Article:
Changes in alcohol availability, price and alcohol-related problems and the collectivity of drinking cultures: What happened in southern and northern Sweden?
2010 (English)In: Alcohol and Alcoholism, ISSN 0735-0414, E-ISSN 1464-3502, Vol. 45, no 5, 456-467 p.Article in journal (Refereed) Published
Aims. There were two aims with this paper; first to study whether alcohol-related self-reported problems behaved in the same way as alcohol consumption in southern Sweden -- assumed to be affected by a decrease in Danish spirits tax and increased Swedish travellers’ import quotas. The second aim was to study whether the results in southern and northern Sweden followed the predictions of Skog’s theory of collectivity of drinking cultures. Methods. Analysis was carried out on a sample from the general Swedish population for southern and northern Sweden separately. Two indexes for alcohol-related problems were computed and analysed by sex, age, income and alcohol consumption level. Results. Although there were no large changes in the number of persons reporting alcohol-related problems, the general trend in data for various sub-populations was a decrease in the southern site and an increase in the northern site. The increase among men noted in alcohol consumption in the northern site was found among alcohol-related problems as well. However, various population subgroups changed in different directions and did not move in concert over the population distribution. Conclusions. Analyses conformed that alcohol-related problems according to the two indexes used were behaving similarly to alcohol consumption, but less divergent. Skog’s theory could not be confirmed, alcohol-related problems did not change collectively within the population.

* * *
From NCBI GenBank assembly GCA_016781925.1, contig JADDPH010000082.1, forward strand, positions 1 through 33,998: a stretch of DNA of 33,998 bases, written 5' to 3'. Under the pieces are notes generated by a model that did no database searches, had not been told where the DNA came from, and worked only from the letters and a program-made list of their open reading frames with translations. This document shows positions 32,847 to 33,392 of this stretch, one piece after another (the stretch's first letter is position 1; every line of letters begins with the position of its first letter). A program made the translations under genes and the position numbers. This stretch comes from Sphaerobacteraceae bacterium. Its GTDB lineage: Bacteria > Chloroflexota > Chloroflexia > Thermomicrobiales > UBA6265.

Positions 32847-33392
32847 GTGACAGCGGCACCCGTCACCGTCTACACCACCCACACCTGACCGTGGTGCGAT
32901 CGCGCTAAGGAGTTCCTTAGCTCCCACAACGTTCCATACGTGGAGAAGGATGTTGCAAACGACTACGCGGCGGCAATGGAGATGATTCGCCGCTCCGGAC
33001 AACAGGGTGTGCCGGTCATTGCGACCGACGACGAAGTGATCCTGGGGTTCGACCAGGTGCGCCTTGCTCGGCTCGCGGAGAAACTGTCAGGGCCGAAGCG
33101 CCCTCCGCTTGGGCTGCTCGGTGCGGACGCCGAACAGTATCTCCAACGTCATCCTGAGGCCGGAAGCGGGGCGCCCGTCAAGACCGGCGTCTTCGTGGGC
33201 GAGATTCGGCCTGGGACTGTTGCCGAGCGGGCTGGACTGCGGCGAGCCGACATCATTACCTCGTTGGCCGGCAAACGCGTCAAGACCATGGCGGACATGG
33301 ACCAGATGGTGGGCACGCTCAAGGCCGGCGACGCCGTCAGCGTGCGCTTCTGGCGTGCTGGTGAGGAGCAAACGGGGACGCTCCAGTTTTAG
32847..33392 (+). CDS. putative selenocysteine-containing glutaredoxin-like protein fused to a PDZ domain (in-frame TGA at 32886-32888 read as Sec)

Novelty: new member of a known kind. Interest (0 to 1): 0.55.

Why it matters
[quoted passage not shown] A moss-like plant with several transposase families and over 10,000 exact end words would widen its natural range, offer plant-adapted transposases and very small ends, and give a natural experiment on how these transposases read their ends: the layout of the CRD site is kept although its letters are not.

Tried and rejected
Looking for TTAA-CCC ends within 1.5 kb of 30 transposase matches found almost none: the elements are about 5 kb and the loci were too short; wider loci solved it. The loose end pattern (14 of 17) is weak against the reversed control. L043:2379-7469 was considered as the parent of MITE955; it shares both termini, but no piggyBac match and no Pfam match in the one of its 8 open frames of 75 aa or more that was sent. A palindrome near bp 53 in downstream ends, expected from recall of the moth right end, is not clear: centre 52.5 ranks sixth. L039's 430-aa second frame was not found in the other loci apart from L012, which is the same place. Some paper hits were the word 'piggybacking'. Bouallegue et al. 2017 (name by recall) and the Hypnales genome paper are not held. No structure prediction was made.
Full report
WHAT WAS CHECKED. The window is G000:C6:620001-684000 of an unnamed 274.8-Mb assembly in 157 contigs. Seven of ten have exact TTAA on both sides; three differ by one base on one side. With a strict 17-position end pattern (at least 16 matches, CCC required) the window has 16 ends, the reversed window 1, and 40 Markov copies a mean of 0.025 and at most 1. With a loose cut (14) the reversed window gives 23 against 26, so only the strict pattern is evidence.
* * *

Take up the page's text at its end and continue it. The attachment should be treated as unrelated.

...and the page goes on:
Place, publisher, year, edition, pages
Oxford university press , 2010. Vol. 45, no 5, 456-467 p.
alcohol availability, travellers' import quotas, price, spirits tax, collectivity of drinking
IdentifiersURN: urn:nbn:se:su:diva-38828DOI: 10.1093/alcalc/agq046ISI: 000281528300012OAI: oai:DiVA.org:su-38828DiVA: diva2:315759
ProjectsNordic Tax Study